vanadium

Vanadium, element number 23, is named for Vanadis, another name for the Norse goddess Freya. The name begins appearing in English-language scientific journals in the early 1830s.

The metal was first discovered by Spanish-Mexican mineralogist Andrés Manuel del Río in 1801. Del Río naned the substance erythronium, because the multi-colored compounds formed by the mineral were analogous to the multi-colored flowers of the plant of that name. Del Río, however, became convinced that he had made an error and that the substance he had found was actually chromium and withdrew the claim of discovery.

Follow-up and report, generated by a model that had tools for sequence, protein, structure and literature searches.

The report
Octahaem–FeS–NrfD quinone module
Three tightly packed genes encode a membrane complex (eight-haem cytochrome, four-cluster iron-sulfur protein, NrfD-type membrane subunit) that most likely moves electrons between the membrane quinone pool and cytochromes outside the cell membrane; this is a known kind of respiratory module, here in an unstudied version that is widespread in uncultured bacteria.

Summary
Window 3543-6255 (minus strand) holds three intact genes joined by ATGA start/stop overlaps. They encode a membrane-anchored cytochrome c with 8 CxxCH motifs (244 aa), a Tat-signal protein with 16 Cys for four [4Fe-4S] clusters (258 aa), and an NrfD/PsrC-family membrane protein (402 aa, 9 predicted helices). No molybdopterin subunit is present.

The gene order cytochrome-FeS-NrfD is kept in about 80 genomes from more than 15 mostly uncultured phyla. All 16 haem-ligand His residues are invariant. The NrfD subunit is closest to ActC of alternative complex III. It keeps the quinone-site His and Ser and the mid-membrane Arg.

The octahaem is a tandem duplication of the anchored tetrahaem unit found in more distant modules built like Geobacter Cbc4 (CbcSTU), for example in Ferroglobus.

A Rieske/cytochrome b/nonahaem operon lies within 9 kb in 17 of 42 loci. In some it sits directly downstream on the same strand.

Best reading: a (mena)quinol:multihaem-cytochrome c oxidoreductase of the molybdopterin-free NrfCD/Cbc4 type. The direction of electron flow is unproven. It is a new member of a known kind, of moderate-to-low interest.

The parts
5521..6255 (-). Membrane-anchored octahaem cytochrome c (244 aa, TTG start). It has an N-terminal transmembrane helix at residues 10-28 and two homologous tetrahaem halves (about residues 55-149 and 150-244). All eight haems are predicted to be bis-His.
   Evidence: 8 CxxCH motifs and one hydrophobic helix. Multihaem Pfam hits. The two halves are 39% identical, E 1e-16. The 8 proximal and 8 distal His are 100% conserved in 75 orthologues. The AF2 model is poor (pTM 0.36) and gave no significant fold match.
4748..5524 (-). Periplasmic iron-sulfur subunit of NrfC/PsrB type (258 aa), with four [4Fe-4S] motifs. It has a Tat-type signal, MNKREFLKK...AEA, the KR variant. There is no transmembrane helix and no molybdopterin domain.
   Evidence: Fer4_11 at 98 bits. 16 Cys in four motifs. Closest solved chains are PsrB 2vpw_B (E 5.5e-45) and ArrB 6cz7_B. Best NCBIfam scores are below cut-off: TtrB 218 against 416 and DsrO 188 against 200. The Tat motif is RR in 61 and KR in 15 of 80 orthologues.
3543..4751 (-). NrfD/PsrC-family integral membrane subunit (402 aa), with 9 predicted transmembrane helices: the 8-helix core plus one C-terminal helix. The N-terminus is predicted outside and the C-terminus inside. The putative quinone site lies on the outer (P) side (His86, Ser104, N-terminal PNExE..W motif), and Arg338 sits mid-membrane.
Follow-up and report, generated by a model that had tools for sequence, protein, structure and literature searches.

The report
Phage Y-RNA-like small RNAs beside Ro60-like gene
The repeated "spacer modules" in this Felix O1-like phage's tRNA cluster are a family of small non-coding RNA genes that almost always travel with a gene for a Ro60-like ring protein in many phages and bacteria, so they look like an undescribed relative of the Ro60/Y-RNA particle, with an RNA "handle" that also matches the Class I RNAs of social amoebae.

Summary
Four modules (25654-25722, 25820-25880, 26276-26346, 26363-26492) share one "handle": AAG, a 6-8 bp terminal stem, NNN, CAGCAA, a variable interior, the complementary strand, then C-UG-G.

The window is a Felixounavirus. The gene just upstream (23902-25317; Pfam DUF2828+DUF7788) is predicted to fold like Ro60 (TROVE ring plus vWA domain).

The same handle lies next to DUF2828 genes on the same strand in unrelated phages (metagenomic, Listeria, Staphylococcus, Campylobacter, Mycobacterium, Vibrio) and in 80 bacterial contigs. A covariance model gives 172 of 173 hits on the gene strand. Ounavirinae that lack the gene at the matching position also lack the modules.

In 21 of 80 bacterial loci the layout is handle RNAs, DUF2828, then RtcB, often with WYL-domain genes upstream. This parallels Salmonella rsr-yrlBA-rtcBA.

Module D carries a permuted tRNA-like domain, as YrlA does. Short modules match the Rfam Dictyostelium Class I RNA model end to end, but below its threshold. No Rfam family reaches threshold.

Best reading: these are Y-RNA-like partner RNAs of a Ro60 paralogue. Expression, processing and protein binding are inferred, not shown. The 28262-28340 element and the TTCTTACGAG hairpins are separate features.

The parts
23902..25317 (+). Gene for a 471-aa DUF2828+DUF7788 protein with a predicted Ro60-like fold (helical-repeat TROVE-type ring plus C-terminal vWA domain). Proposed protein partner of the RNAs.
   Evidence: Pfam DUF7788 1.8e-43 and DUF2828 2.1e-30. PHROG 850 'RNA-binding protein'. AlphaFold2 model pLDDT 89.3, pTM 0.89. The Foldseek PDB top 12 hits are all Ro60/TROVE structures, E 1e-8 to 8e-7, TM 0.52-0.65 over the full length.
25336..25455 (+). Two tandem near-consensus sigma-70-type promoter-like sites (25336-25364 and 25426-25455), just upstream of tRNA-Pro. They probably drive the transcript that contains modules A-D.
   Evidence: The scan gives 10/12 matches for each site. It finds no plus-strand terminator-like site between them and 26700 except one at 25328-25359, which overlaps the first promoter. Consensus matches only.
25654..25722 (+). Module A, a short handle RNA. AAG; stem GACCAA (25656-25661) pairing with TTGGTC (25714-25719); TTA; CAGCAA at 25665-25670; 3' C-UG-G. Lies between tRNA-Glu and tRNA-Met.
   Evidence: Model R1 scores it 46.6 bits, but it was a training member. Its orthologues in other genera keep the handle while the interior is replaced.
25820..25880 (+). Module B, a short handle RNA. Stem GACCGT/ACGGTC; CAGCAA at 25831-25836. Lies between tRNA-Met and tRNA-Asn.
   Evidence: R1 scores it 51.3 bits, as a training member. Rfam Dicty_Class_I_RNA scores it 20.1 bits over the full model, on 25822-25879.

In 1831, Swedish chemist Nils Gabriel Sefström rediscovered the element, naming it for the Norse goddess of beauty.1

Vanadium has the chemical symbol V, taken from the first letter of its name.


1Oxford English Dictionary, vanadium, 2nd Edition, 1989, Oxford University Press, accessed 7 September 2009, http://dictionary.oed.com/cgi/entry/50274758

Powered by ExpressionEngine
Copyright 1997-2014, by David Wilton